The Van Gogh Boat

“Nobody wants to miss the Van Gogh Boat.”  

Rene Ricard

Potential is a compelling thing. It implies unrealized greatness. In terms of wine, whenever a vigneron/winemaker takes a stab at Pinot Noir, for example, they’re going up against the ghosts of giants. But then there are the grapes, the raw material, which have no legacy of achievement. The giants which might define their apogee still walk the Earth.

In today’s Barrique, we’ll look at three grapes which are making a name for themselves, quietly amassing a catalog of very good wine while pushing towards greatness.

Nerello Mascalese

Almost entirely centered around the Etna appellation in Sicily, Nerello Mascalese is already producing high-level wines with glimpses of transcendent excellence. This is an example of a varietal being perfectly matched to its terroir. One of Nerello’s most admirable qualities is its communication of the volcanic soil of its island home. This lends the tart red fruit and pitched acidity a black rock backbone which sets quality Etna Rosso a step above their Sicilian counterparts. The quality revolution in and around Etna is a relatively new phenomenon so the wines we’re currently seeing are only the tip of the iceberg. For instance, Marc de Grazia’s Terre Nere estate, which has been pioneering single vineyard Etna Rosso, only had their first vintage in 2004 and no one, including the producers themselves, know how good these wines can be with significant bottle age. In terms of collecting, quality Etna Rosso presents one of the best “low risk, high value, high reward” ratios in the world.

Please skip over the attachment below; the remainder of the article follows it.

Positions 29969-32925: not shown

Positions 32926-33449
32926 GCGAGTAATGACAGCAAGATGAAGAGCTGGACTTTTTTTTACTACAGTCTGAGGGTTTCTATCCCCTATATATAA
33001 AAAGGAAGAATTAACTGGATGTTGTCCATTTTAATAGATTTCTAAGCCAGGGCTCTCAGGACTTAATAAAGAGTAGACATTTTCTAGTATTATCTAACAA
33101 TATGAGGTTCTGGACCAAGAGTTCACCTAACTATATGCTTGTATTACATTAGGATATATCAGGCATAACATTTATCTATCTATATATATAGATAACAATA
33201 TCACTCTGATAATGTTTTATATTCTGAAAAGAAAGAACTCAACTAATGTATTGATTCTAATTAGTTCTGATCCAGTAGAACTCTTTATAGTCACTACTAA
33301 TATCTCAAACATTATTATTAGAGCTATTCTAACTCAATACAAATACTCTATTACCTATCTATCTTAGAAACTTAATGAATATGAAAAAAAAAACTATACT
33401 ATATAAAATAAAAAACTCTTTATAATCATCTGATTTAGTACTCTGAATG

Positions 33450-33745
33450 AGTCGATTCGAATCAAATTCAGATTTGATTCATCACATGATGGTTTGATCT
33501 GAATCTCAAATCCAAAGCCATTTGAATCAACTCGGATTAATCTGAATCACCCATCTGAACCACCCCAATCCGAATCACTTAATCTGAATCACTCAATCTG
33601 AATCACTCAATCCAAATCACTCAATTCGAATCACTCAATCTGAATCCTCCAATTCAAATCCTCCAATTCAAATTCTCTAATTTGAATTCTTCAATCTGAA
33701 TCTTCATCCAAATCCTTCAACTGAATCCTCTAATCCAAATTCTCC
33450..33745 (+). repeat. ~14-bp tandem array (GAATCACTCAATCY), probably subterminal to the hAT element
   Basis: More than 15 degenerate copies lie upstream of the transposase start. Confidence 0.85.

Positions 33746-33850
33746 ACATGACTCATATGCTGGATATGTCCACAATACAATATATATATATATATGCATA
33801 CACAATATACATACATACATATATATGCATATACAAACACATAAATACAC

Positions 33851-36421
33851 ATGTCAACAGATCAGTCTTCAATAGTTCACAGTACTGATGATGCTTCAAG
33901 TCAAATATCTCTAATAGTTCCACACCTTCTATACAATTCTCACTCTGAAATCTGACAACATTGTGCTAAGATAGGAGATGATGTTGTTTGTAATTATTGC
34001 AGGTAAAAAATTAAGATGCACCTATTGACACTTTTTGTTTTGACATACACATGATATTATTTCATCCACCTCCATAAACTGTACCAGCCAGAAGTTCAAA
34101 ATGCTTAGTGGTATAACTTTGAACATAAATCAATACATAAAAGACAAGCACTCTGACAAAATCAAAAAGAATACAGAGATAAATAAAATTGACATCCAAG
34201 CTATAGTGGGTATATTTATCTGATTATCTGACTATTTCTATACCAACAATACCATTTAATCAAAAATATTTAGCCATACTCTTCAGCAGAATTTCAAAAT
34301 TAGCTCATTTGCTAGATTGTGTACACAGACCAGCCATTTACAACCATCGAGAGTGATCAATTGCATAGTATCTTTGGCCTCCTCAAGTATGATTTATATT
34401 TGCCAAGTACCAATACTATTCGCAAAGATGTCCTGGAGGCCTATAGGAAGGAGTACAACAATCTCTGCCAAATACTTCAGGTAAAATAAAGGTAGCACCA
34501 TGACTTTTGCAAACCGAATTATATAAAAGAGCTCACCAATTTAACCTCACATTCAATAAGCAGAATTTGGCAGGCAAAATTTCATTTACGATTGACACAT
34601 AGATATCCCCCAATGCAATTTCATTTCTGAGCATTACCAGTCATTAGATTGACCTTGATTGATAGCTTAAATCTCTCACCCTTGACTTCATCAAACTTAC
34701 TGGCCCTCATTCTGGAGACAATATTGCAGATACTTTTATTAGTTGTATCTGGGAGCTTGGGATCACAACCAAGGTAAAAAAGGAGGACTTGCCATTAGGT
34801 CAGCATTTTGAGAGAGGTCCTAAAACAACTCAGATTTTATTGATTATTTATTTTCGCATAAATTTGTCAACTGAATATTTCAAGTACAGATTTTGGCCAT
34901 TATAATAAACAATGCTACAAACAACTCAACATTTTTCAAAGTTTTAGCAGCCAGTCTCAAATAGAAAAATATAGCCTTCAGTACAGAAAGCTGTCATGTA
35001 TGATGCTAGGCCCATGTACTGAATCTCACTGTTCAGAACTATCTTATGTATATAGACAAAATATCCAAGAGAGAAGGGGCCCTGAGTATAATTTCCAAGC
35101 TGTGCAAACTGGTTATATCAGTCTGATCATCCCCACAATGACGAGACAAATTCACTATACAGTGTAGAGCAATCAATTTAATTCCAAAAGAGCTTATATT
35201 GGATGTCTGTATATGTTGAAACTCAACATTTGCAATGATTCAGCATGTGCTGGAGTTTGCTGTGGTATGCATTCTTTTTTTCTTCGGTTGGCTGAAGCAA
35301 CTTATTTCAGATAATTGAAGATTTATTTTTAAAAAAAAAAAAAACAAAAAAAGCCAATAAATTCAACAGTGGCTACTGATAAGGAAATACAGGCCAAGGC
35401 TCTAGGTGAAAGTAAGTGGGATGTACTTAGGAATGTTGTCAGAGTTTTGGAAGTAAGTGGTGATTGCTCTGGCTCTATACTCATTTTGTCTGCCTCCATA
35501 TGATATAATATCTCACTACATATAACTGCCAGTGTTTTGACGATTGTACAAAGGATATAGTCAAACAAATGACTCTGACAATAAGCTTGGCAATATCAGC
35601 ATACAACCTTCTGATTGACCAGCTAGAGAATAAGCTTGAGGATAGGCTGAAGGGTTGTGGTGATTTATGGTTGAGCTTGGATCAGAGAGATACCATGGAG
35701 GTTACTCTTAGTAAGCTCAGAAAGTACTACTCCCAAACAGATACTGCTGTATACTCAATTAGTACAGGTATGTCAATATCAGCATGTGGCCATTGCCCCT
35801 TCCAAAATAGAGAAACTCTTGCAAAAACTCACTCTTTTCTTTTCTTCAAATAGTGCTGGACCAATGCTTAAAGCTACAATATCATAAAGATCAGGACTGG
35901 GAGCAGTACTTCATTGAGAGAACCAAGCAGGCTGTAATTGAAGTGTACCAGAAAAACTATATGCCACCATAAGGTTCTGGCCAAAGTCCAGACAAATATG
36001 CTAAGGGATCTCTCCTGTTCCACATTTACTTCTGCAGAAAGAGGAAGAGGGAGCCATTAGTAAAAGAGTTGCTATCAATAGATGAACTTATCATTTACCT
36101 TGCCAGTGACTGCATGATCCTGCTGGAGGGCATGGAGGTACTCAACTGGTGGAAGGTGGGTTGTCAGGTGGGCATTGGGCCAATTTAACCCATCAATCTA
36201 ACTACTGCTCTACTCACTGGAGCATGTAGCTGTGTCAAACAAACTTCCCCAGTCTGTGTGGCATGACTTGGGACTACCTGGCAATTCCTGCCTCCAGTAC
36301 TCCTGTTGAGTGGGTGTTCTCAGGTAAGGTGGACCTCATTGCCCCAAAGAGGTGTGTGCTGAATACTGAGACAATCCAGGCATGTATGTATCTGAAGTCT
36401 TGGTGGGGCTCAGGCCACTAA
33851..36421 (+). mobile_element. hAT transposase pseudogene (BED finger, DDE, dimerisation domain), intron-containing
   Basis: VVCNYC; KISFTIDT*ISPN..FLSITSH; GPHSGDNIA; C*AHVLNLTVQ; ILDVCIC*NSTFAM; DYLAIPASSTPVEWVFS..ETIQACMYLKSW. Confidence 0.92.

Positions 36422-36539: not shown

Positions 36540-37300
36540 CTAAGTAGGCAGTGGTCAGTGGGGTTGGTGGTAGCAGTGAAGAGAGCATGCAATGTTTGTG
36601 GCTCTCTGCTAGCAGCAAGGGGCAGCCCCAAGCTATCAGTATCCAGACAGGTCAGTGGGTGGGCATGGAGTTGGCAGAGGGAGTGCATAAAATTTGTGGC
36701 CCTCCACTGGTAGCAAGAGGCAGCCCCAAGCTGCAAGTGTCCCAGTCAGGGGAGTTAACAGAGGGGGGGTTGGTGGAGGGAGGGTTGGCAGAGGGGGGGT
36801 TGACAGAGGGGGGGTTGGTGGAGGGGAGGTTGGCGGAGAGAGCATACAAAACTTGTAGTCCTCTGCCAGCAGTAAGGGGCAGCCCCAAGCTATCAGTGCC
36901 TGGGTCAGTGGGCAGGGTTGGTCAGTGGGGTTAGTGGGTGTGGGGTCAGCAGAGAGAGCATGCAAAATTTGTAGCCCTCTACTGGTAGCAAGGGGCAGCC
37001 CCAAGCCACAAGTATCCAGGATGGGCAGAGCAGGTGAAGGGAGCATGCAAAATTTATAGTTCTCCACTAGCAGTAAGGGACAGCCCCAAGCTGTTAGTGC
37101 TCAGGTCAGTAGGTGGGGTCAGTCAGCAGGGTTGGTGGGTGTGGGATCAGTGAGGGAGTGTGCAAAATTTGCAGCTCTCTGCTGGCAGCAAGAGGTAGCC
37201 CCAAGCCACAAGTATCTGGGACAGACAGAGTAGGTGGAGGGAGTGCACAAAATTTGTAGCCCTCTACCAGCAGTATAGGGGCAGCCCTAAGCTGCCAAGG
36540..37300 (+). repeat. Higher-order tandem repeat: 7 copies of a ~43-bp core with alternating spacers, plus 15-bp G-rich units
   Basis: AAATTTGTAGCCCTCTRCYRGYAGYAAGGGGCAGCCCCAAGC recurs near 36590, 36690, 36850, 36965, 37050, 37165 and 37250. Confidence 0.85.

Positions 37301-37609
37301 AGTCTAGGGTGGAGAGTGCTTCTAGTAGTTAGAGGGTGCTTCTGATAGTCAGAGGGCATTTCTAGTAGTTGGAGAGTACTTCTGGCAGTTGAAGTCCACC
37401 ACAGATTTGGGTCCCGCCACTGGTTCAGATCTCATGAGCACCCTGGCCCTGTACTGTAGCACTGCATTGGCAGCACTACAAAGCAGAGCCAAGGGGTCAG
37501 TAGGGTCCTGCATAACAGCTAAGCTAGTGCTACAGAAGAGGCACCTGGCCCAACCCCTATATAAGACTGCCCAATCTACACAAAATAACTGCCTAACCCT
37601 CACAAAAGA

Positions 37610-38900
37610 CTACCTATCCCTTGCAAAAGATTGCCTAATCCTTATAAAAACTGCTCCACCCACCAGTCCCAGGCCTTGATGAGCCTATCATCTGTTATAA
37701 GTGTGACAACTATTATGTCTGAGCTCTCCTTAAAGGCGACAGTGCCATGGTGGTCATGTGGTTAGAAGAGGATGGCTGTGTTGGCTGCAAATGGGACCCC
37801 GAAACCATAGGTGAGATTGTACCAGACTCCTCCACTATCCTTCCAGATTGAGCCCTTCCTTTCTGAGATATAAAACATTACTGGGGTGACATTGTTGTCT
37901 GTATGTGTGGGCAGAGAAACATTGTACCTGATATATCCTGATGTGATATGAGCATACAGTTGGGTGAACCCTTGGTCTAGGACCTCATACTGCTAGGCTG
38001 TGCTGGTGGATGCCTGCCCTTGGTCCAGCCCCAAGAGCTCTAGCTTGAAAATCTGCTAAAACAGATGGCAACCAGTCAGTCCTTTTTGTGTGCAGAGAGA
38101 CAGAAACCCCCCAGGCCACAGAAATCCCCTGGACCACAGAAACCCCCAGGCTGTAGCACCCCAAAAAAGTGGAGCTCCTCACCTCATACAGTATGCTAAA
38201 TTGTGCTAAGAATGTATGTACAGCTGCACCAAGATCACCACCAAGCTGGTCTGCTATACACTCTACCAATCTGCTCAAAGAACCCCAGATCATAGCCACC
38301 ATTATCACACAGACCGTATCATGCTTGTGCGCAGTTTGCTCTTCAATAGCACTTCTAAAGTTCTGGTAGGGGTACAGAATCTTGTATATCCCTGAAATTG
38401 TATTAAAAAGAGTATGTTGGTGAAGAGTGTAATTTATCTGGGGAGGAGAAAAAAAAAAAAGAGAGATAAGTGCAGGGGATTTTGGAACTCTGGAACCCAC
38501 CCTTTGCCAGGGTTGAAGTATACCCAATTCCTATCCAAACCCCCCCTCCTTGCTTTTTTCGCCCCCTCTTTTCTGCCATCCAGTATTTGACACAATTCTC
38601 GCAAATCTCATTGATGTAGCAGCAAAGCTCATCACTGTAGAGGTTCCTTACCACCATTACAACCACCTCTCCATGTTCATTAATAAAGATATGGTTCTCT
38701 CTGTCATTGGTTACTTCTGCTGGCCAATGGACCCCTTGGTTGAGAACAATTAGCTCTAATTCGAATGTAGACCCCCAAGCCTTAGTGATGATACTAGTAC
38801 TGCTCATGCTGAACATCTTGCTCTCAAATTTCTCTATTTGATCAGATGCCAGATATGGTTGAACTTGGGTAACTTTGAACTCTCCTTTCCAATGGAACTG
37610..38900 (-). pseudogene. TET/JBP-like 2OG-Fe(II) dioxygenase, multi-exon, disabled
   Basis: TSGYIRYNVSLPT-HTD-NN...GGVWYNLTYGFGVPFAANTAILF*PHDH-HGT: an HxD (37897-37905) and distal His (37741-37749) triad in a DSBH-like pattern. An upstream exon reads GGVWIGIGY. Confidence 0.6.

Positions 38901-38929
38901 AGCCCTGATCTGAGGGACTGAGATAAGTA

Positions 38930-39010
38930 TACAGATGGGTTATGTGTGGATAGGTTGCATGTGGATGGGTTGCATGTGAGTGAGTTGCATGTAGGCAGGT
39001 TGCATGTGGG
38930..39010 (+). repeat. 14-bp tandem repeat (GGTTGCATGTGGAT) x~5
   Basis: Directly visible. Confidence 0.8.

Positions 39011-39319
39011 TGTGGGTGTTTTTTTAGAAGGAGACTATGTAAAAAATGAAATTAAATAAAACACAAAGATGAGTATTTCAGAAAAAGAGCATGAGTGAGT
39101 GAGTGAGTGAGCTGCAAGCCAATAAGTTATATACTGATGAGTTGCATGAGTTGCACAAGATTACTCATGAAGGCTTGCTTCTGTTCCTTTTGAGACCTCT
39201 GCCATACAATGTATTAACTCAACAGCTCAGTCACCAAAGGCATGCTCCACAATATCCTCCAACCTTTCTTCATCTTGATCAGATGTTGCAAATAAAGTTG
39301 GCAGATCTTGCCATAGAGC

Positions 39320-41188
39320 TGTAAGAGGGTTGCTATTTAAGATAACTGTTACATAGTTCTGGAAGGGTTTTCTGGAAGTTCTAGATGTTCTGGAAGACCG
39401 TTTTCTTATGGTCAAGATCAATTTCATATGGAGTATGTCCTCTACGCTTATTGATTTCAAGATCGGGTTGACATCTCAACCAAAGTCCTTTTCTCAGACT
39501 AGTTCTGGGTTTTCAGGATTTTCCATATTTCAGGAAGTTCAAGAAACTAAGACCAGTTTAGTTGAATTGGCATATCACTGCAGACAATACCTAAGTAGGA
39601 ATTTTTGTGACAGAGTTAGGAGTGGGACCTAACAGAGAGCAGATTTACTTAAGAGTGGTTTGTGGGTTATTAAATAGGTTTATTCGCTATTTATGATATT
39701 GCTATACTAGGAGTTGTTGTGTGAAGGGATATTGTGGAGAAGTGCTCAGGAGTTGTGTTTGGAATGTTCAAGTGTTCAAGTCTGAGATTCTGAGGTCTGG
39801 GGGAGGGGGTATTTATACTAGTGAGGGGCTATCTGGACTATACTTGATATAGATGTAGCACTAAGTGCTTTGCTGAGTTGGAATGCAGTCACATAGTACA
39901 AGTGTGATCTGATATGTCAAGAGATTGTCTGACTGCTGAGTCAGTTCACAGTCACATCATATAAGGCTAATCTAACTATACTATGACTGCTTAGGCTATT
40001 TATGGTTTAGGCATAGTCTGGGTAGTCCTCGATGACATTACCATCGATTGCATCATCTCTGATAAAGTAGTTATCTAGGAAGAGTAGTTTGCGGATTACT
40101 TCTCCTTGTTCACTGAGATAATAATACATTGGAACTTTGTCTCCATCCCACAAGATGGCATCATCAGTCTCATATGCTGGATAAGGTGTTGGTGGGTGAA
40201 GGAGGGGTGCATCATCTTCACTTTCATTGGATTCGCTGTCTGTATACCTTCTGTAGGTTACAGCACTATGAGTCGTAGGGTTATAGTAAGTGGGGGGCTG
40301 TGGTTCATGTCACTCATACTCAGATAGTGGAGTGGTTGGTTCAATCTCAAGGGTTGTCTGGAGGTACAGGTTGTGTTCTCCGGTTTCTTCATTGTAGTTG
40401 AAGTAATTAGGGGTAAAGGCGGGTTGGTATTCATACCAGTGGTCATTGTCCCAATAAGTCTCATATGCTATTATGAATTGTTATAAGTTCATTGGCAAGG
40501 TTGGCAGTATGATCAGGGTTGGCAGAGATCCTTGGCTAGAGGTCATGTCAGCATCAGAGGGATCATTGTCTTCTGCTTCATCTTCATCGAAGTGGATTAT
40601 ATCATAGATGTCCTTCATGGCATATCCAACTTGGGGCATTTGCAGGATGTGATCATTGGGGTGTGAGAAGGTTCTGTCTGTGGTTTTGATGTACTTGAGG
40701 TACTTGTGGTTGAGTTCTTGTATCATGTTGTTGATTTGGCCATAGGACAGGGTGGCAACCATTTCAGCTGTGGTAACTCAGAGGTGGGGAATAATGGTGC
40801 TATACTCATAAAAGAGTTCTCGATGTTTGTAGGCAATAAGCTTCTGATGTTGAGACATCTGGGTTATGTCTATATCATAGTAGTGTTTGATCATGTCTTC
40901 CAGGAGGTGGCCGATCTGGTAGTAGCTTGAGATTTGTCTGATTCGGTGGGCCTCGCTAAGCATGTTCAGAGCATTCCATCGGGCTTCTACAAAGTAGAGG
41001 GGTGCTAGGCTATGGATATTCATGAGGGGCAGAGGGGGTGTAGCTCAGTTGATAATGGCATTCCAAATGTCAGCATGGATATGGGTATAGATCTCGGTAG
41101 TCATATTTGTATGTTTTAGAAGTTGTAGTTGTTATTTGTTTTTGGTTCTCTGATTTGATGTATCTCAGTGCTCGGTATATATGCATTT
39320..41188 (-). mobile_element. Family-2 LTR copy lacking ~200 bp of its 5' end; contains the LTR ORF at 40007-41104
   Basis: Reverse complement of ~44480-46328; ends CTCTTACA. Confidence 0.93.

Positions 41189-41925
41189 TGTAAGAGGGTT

One of my long standing little missions has been the promotion of a grape from Galicia called Godello. Nearly extinct by the mid-seventies, Godello was saved by the efforts of Horacio Fernandez and Luis Hidalgos but it wasn’t until the mid-eighties when Fernandez’s Vina Godeval released Spain’s first single varietal Godello. It was Godeval I first tasted years ago and I was completely taken aback by what I viewed as the grape’s potential. As Spanish wine writer Gerry Dawes says, “Godello is Spain’s emerging hope as an equivalent to the great white Burgundies.” Whether you take Fernandez’s Godeval, which resembles in delivery and mineral expression a classic Chablis or the fine work Raphael Palacios is doing with his Louro label, which is closer to Puligny-Montrachet in style and substance, the sky is the limit for Godello and though, as with Nerello Mascalese, there isn’t a long track record of old Godello, everything seems to be in place for top-level wines to be able to change and evolve in very interesting ways.


In the rural northwest, on the pilgrim’s path to Santiago de Compostela, Bierzo, thanks to the Sierra de la Cabrera mountains, is that rarest of creatures; a cool climate wine region in Spain. The primary grape in Bierzo is a local; Mencia. Most is sold and consumed locally, with a long tradition of light, simple table wine. But in the last 20 years, a fire has been growing. Led by quality innovators like Raul Perez and Alvaro Palacios, Bierzo has begun to produce wines which mixes the flamboyant power of Spain with some of the grace of northern France. Whenever I’m asked to describe Mencia, I call it Spain’s Pinot Noir. Again, we see a Palacios leading the way as Alvaro Palacios, older brother to Rafael, is producing outstanding expressions from single vineyards up in the hills. There is a bright purity to these wines, especially from the cooler hillside vineyards, which is both immediately appealing and intriguingly suggestive. Not to be a broken record but the quality of Mencia from Bierzo has exploded upwards in a very short period of time. With a few more producers with Palacios’ passion, this could become a very important world wine region.

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